In 2000 he was awarded the Queen's Police Medal and in 2006 he was knighted. He left policing and led a private company in 2005 but returned in 2007 as chief constable at West Yorkshire. A year later he was tipped as a candidate for Britain’s top policing job, Commissioner of the Metropolitan Police.

But last year he resigned. By then he had already been referred to the IPCC over claims he provided misleading information after Hillsborough.

Start your day with The Independent, sign up for daily news emails
News
ebookA unique anthology of reporting and analysis of a crucial period of history
Life and Style
tech
Arts and Entertainment
Rocky road: Dwayne Johnson and Carla Gugino play an estranged husband and wife in 'San Andreas'
filmReview: In the face of all-round devastation, even Dwayne 'The Rock' Johnson appears a little puny
Arts and Entertainment
Bright lights, big city: Melrose Avenue in Los Angeles by dusk
books
News
i100
Sport
Harry Kane makes Paul Scholes' Premier League team of the season
footballPaul Scholes on the best players, managers and goals of the season - and the biggest disappointments
News
i100
Latest stories from i100
Have you tried new the Independent Digital Edition apps?

Day In a Page

Fifa corruption: The 161-page dossier that exposes the organisation's dark heart

The 161-page dossier that exposes Fifa's dark heart

How did a group of corrupt officials turn football’s governing body into what was, in essence, a criminal enterprise? Chris Green and David Connett reveal all
Mediterranean migrant crisis: 'If Europe thinks bombing boats will stop smuggling, it will not. We will defend ourselves,' says Tripoli PM

Exclusive interview with Tripoli PM Khalifa al-Ghweil

'If Europe thinks bombing boats will stop smuggling, it will not. We will defend ourselves'
Raymond Chandler's Los Angeles: How the author foretold the Californian water crisis

Raymond Chandler's Los Angeles

How the author foretold the Californian water crisis
Chinese artist who posted funny image of President Xi Jinping facing five years in prison as authorities crackdown on dissent in the arts

Art attack

Chinese artist who posted funny image of President Xi Jinping facing five years in prison
Marc Jacobs is putting Cher in the limelight as the face of his latest campaign

Cher is the new face of Marc Jacobs

Alexander Fury explains why designers are turning to august stars to front their lines
Parents of six-year-old who beat leukaemia plan to climb Ben Nevis for cancer charity

'I'm climbing Ben Nevis for my daughter'

Karen Attwood's young daughter Yasmin beat cancer. Now her family is about to take on a new challenge - scaling Ben Nevis to help other children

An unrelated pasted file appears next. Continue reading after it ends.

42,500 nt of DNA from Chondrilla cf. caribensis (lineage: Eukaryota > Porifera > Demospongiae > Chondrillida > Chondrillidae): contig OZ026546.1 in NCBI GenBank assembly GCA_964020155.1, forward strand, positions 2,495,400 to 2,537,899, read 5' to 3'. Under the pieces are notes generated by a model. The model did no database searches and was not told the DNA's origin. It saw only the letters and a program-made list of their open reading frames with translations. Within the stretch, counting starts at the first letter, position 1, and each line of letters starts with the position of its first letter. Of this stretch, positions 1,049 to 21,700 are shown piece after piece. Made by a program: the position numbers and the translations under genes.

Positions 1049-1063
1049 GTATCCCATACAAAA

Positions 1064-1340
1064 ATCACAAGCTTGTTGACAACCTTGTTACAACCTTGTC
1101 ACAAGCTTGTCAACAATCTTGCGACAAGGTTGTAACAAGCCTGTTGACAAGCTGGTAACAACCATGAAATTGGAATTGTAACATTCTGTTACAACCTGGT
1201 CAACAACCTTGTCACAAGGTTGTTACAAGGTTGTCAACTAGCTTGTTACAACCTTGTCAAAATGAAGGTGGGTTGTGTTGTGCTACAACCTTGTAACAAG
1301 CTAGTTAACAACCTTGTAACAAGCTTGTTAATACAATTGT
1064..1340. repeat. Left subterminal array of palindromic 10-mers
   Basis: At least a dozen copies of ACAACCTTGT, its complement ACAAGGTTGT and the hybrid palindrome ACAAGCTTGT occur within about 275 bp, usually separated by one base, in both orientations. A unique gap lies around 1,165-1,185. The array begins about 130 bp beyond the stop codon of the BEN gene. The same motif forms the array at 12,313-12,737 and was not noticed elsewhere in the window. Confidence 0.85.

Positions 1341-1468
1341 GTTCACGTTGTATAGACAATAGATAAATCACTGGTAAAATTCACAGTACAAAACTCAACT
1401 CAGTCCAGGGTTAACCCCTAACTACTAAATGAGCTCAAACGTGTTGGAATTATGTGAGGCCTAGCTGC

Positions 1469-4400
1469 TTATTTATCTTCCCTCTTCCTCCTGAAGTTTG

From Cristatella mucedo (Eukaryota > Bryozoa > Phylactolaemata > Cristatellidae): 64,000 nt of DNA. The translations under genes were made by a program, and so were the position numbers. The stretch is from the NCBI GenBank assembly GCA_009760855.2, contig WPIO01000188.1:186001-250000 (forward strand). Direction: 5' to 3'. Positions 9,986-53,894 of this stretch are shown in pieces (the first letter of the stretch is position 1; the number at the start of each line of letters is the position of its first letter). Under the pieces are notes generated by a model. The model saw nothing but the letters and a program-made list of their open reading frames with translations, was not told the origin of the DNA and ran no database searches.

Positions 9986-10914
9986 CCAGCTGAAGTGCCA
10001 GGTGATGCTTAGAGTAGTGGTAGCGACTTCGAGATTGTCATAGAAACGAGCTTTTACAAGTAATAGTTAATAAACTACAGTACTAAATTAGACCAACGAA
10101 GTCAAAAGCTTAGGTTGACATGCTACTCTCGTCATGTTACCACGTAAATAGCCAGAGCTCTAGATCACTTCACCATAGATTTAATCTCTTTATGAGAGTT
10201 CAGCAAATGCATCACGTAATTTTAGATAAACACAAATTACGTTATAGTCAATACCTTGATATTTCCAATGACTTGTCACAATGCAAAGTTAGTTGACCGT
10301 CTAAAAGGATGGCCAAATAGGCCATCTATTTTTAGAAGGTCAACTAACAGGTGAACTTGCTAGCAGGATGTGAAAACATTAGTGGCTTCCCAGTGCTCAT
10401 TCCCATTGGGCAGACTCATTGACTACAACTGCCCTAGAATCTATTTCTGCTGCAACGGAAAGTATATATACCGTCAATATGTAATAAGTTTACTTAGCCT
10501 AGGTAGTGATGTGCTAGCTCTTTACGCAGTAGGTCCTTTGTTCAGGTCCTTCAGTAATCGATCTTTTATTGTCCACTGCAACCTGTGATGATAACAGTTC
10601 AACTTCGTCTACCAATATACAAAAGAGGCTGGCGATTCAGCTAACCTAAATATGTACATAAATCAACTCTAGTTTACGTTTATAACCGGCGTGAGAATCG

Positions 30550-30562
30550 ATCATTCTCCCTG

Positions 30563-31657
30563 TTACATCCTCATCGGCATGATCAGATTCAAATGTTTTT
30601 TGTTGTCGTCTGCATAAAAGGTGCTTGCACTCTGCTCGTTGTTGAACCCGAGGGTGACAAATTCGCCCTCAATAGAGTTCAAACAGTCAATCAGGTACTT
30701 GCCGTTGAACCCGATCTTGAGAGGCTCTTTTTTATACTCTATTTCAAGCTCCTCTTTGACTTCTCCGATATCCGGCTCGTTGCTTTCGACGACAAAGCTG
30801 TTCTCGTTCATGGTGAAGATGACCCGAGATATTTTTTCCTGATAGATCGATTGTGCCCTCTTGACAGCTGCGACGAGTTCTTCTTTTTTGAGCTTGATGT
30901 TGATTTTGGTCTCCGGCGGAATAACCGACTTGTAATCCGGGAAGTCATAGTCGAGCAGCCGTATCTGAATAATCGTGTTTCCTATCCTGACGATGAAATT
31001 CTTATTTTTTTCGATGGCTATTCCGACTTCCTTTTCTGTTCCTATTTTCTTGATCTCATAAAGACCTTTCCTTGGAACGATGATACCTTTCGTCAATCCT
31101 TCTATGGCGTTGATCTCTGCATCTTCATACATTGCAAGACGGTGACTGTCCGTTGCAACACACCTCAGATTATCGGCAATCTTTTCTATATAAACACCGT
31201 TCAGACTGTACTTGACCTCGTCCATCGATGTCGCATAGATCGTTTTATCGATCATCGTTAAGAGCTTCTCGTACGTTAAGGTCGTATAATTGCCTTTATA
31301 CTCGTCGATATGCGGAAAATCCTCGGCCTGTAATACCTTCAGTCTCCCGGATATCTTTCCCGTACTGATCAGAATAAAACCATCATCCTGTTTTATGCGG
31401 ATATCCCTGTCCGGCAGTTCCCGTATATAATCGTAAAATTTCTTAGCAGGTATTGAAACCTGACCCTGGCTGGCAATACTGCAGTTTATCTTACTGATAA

10 best wedding gift ideas

It's that time of year again... 10 best wedding gift ideas

Forget that fancy toaster, we've gone off-list to find memorable gifts that will last a lifetime
Paul Scholes column: With the Premier League over for another year, here are my end of season awards

Paul Scholes column

With the Premier League over for another year, here are my end of season awards
Heysel disaster 30th anniversary: Liverpool have seen too much tragedy to forget fateful day in Belgium

Liverpool have seen too much tragedy to forget Heysel

Thirty years ago, 39 fans waiting to watch a European Cup final died as a result of a fatal cocktail of circumstances. Ian Herbert looks at how a club that later became synonymous with Hillsborough has dealt with this tragedy
Amir Khan vs Chris Algieri: Khan’s audition for Floyd Mayweather may turn into a no-win situation, says Frank Warren

Khan’s audition for Mayweather may turn into a no-win situation

The Bolton fighter could be damned if he dazzles and damned if he doesn’t against Algieri, the man last seen being decked six times by Pacquiao, says Frank Warren
Blundering Tony Blair quits as Middle East peace envoy – only Israel will miss him

Blundering Blair quits as Middle East peace envoy – only Israel will miss him

For Arabs – and for Britons who lost their loved ones in his shambolic war in Iraq – his appointment was an insult, says Robert Fisk
Fifa corruption arrests: All hail the Feds for riding to football's rescue

Fifa corruption arrests

All hail the Feds for riding to football's rescue, says Ian Herbert
Isis in Syria: The Kurdish enclave still resisting the tyranny of President Assad and militant fighters

The Kurdish enclave still resisting the tyranny of Assad and Isis

In Syrian Kurdish cantons along the Turkish border, the progressive aims of the 2011 uprising are being enacted despite the war. Patrick Cockburn returns to Amuda
How I survived Cambodia's Killing Fields: Acclaimed surgeon SreyRam Kuy celebrates her mother's determination to escape the US

How I survived Cambodia's Killing Fields

Acclaimed surgeon SreyRam Kuy celebrates her mother's determination to escape to the US
Stephen Mangan interview: From posh buffoon to pregnant dad, the actor has quite a range

How Stephen Mangan got his range

Posh buffoon, hapless writer, pregnant dad - Mangan is certainly a versatile actor